Nashville-based singer-songwriter Mat Kearney is a firm believer in heeding metaphorical messages from the universe. So in 2016 — when his wife Annie lost her father unexpectedly, then received the news she was pregnant with their daughter Olive the very next day — he sensed much deeper implications. “And it was just a moment, like, ‘Life is short. What am I doing and what do I want? And more importantly, what don’t I want?’” he said. After some serious discussion, the couple decided it was time for a few sweeping, career-related changes.
Since Kearney — who plays Oakland next week — had signed with name-brand imprint Columbia for his 2006 sophomore effort “Nothing Left to Lose,” which featured his first breakthrough singles, “All I Need” and the title track, the business had changed dramatically. In the Spotify-streaming era, record companies had lost their cachet and relevance, and could no longer deliver the hits like they once did. “And I’d been on a major label for four records, and I was tired of the bureaucracy,” he said. “So I thought, ‘Let’s get out of this game and get more DIY.’ And we did.”
Bravely, the composer, 39, switched management, crowd-sourced the funding for his rock-solid new album, “Crazytalk,” then licensed it to hip indie Caroline afterward. Aesthetically, it’s his most inventive, as well; there’s a bubbly electronica edge to his usual classically crafted material, like “Kings and Queens” and “Better Than I Used to Be.”
“There’s kind of a chill tropical house influence there,” he said. Reviews, he recalls, initially savaged his “Nothing” disc for its combination of folk and hip-hop sounds. “But now, every artist blends genres — the kids are borrowing from everywhere, and that’s always been very exciting for me,” added the maniacal music fan, who listens to every new release he can each Friday.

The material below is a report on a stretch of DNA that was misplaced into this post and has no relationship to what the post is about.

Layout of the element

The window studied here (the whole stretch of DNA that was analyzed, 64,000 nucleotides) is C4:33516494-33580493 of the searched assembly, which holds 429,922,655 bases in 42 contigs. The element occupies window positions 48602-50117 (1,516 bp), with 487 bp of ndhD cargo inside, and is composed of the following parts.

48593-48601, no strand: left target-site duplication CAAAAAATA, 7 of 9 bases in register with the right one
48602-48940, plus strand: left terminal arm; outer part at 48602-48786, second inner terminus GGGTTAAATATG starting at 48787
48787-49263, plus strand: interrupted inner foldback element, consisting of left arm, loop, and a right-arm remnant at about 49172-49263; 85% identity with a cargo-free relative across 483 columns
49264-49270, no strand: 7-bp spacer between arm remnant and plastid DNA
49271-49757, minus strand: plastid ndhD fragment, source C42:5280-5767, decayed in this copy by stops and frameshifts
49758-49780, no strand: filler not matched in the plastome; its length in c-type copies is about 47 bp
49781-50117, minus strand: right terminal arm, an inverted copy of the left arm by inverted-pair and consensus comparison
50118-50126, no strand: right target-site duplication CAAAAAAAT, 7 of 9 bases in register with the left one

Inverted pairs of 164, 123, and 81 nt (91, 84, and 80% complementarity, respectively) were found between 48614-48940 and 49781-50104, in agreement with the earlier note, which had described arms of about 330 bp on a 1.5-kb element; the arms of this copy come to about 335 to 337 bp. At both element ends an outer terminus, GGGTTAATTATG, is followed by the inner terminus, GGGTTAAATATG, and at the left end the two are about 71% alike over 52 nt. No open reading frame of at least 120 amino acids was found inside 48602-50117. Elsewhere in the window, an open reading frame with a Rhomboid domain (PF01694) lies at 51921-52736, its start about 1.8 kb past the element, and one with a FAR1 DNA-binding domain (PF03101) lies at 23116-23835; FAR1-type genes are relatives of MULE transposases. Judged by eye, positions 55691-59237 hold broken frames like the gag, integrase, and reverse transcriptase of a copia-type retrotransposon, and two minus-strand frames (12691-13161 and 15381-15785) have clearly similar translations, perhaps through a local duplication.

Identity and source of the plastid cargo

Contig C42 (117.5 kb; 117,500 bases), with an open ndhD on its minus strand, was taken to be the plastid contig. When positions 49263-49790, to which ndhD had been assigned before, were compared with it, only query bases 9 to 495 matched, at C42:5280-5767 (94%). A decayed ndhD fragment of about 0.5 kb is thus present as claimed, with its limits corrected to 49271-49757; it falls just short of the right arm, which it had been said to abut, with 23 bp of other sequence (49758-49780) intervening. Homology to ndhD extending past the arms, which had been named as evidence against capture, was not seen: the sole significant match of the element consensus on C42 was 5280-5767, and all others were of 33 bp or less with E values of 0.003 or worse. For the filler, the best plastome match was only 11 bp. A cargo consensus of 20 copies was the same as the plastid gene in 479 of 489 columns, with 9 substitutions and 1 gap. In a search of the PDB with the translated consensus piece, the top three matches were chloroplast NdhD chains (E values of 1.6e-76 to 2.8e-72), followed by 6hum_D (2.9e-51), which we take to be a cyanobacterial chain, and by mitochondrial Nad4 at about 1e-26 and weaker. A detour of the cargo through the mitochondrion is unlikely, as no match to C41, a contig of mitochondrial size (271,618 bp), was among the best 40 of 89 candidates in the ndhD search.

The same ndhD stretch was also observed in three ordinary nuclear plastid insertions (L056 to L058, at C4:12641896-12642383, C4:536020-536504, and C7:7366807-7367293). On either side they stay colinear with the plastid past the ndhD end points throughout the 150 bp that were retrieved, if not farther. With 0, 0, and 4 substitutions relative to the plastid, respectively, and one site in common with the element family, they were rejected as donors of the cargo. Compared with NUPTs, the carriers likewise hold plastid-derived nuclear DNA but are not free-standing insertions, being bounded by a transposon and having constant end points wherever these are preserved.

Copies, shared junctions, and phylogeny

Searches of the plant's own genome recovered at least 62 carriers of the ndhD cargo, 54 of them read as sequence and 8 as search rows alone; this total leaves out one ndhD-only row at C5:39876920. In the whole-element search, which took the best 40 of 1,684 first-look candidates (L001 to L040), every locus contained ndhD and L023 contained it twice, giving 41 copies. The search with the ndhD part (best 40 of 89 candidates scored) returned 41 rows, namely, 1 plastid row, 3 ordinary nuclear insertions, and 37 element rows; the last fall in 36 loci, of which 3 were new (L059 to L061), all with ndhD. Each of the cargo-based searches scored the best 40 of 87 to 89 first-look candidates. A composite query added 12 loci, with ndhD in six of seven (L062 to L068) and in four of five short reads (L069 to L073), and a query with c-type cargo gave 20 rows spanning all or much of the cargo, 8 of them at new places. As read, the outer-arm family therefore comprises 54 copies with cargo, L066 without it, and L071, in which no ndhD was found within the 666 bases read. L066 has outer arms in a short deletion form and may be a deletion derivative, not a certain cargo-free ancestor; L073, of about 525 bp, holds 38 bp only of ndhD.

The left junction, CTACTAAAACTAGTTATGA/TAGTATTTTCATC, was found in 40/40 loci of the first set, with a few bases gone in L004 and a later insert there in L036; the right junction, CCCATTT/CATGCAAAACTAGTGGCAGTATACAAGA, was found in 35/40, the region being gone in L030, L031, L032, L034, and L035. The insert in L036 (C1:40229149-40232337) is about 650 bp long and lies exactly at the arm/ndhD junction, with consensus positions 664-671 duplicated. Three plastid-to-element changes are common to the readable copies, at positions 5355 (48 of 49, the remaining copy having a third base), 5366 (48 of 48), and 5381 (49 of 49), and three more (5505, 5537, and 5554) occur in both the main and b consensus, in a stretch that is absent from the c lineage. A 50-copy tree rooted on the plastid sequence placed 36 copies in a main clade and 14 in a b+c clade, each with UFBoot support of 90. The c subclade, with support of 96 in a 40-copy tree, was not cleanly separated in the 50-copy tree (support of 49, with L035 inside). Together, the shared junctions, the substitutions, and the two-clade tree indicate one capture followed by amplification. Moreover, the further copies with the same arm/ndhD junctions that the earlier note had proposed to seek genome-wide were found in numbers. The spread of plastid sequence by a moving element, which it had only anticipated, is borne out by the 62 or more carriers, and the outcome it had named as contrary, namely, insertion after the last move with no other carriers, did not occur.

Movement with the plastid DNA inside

It’s a message the trailblazer wants to share with any of his pop peers who feel trapped in the showbiz system. “A lot of times, you don’t know a lot, because you’re kind of like a spoiled kid,” he said. “So you only know one way: You make a record, wait three years, then go make another. But the music world now is not working that way, and it’s almost like the ’50s, very single-driven. But because I know my fan base, I know what I can accomplish on my own.”
In fact, only one aspect of Kearney’s life eluded change: his signature stage fedoras, of which he has nearly two dozen mothballed at his Nashville digs. On tour, he totes three or more along in a protective hard-shell case. “The hat is like my Superman cape,” he said. “If you take it away, I lose all my power!”
IF YOU GO
Where: Fox Theater, 1807 Telegraph Ave., Oakland
When: 8 p.m. Feb. 27
Contact: (510) 302-2250, www.ticketmaster.com